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The Comics of Chris Ware$
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David M. Ball and Martha B. Kuhlman

Print publication date: 2010

Print ISBN-13: 9781604734423

Published to University Press of Mississippi: March 2014

DOI: 10.14325/mississippi/9781604734423.001.0001

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Past Imperfect: “Building Stories” and the Art of Memory

Past Imperfect: “Building Stories” and the Art of Memory

Chapter:
(p.206) Past Imperfect: “Building Stories” and the Art of Memory
Source:
The Comics of Chris Ware
Author(s):

Peter R. Sattler

Publisher:
University Press of Mississippi
DOI:10.14325/mississippi/9781604734423.003.0015

Cartoonists are aware of how comics can be easily forgotten, and thus have addressed “memory” as a central trope for discussing how their medium works, not only on the page but also in the minds of readers and creators. For example, Scott McCloud has argued that the power of cartooning stems from a mimetic similarity between the iconography of comic art and the contents of human memory. Chris Ware has also formalized the notion that “comics is about memory.” This chapter examines how memory is constructed in his comic strip “Building Stories,” focusing on the interplay between episodic, experiential, and narrative memory. It argues that memory is central to Ware’s comics, in which it is formally anatomized and re-encoded as a “feeling.” The chapter discusses remembering as a felt experience and how it resonates with Ware’s assertions about his artwork and its relation to readers’ psychological states. It also considers Ware’s central techniques for representing remembering in the 2003 strip titled “Paper Dolls.”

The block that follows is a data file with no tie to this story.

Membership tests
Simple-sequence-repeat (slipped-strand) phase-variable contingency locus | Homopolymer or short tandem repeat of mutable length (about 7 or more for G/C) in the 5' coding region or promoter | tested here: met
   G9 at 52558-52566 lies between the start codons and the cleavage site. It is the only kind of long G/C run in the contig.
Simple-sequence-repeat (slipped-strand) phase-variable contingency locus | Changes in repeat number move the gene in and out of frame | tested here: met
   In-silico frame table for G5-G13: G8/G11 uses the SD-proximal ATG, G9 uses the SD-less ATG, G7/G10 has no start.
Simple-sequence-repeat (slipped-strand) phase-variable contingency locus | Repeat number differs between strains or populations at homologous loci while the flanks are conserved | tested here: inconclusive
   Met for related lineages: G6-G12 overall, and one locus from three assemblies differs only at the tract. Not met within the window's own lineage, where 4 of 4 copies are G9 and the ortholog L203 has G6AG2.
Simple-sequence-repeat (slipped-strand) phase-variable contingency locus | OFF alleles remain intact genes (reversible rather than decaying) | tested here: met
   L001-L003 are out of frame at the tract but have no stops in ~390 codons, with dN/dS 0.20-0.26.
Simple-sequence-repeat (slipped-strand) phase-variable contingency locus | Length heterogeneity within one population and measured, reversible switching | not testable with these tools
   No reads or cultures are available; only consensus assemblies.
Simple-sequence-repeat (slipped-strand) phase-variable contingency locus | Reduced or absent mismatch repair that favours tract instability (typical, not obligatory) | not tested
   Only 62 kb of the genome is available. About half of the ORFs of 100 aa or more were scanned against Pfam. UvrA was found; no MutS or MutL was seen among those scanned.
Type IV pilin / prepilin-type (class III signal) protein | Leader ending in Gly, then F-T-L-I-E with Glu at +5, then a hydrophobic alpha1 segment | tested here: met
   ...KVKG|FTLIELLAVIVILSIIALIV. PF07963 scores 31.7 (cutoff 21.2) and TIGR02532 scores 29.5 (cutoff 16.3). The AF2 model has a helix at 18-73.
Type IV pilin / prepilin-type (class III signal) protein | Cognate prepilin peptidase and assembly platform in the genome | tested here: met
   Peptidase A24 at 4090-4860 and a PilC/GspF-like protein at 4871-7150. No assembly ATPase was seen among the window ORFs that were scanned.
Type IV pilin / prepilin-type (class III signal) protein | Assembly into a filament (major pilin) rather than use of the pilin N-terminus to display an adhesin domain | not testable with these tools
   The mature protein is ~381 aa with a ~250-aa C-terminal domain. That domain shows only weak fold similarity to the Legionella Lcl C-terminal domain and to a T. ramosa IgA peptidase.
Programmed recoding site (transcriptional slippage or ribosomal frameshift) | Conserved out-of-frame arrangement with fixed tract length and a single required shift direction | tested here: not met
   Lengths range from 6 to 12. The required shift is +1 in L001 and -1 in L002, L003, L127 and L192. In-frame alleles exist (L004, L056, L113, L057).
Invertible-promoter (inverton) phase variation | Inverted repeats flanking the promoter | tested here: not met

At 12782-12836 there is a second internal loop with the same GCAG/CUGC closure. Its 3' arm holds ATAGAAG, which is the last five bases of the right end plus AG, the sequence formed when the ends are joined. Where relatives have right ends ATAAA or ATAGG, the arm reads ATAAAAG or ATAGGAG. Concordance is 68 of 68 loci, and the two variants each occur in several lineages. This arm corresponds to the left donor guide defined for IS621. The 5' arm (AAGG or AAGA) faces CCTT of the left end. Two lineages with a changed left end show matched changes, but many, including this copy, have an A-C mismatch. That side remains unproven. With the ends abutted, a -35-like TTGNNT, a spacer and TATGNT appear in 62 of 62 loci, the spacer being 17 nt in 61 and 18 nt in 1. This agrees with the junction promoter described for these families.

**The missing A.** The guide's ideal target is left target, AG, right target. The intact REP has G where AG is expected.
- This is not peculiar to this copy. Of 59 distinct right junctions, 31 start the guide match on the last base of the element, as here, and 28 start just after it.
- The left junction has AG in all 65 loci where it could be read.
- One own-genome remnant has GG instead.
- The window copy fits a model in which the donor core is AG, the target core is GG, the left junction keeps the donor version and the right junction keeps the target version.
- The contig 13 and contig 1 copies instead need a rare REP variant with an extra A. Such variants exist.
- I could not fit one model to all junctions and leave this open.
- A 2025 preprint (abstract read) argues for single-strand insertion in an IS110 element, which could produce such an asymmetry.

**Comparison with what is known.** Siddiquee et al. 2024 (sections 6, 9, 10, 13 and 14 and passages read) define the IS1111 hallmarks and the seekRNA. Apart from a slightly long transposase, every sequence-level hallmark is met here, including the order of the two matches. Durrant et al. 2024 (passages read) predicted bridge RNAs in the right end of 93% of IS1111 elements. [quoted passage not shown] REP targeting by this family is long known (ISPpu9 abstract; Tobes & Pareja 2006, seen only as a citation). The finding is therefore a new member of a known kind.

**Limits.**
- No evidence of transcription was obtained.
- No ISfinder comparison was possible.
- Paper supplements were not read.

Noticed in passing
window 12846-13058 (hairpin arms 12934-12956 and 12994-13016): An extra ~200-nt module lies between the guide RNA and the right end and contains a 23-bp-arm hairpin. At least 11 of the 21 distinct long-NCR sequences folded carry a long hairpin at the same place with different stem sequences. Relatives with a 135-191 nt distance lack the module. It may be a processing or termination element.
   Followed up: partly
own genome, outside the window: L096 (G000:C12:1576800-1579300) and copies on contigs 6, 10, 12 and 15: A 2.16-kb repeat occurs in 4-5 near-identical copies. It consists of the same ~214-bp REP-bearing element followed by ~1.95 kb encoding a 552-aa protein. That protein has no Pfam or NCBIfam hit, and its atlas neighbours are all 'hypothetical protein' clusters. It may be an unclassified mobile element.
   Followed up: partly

Keywords:   comics, memory, Chris Ware, comic strip, Building Stories, remembering, Paper Dolls

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